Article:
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I am working on a script that would loop through a text file set up as such:

snap-foo    bar     20170202

This text file basically has Snapshot IDs, a tag we use to identify the instances associated, and the timestamp when the snapshots were created in AWS. I have almost got my script done but I keep getting an error when working on the last bit of it:

#!/bin/bash

THIRTY_DAYS_AGO=$(date --date '30 days ago' "+%Y%m%d")
FILE=/home/rkahil/sorted_snaps.txt

for a in $FILE
do
        SNAP_ID=`awk {'print $1'} "$FILE"`
        FORMAT_FILE=`sed -i 's/T.*//' "$FILE"`
        TIMESTAMP_SNAPS=`cat "$FILE" | awk {'print $3'}`
        if [[ "$FORMATTED_DATE" -lt "$THIRTY_DAYS_AGO" ]];
        then
                aws ec2 delete-snapshot --dry-run "$SNAP_ID" #Where the error is
        fi
done

The error I get is:

./removeOldSnapShots.sh: line 13: /usr/bin/aws: Argument list too long

Can someone tell me what would be the correct way to do this?

3
  • 1
    You set up the for loop but then don't use the loop var $a anywhere. Any particular reasons for that?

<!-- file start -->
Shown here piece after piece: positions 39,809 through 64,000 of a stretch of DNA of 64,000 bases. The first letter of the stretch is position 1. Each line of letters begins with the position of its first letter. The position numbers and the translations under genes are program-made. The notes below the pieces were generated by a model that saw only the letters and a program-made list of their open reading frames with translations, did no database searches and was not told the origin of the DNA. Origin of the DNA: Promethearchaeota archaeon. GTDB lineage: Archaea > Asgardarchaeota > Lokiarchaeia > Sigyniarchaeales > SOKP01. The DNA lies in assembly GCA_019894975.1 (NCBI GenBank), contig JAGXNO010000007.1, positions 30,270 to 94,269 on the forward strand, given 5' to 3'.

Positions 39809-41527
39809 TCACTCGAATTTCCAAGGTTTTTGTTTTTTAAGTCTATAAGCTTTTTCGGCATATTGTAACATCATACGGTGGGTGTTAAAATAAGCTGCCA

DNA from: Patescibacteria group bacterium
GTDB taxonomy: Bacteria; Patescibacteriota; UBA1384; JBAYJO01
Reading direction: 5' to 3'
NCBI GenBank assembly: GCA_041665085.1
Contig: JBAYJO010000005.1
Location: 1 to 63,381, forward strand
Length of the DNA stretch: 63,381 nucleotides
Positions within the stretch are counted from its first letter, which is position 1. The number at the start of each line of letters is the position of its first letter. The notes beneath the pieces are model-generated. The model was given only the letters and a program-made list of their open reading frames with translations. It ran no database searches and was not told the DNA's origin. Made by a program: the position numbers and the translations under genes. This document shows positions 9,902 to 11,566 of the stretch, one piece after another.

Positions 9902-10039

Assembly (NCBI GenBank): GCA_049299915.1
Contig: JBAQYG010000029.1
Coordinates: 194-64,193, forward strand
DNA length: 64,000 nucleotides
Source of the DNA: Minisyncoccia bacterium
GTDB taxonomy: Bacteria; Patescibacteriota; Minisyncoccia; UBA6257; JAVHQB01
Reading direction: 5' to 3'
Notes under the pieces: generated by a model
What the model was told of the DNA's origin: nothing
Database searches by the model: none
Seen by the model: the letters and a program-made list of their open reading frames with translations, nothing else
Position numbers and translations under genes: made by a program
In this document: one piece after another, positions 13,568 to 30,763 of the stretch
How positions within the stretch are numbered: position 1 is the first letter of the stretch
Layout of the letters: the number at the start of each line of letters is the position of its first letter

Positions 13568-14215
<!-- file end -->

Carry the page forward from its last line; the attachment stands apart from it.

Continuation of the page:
– user218374
    Mar 22 '17 at 16:26
  • @RakeshSharma I was forgetting to use the $a variable which is most likely why I was having this issue..
    – ryekayo
    Mar 22 '17 at 16:55
  • 1
    @ryekayo that's not enough though, for a in $FILE doesn't loop through the contents of the file, it just sets a equal to FILE. Mar 22 '17 at 17:10
2

You’re not looping over the contents of the file, you’re processing all its contents in one go; so in particular, SNAP_ID ends up containing all the first column, which is apparently too much to use in a single command.

You need to process the file line by line, using something like

< "$FILE" while read SNAP_ID _ TIMESTAMP_SNAPS; do
    if ...
done

There are a number of caveats when using read, related to the impact of the contents being read (special characters, backslashes etc.), which you probably want to read up on if you want to apply this technique more generally. The shell isn't really a good file processing tool...

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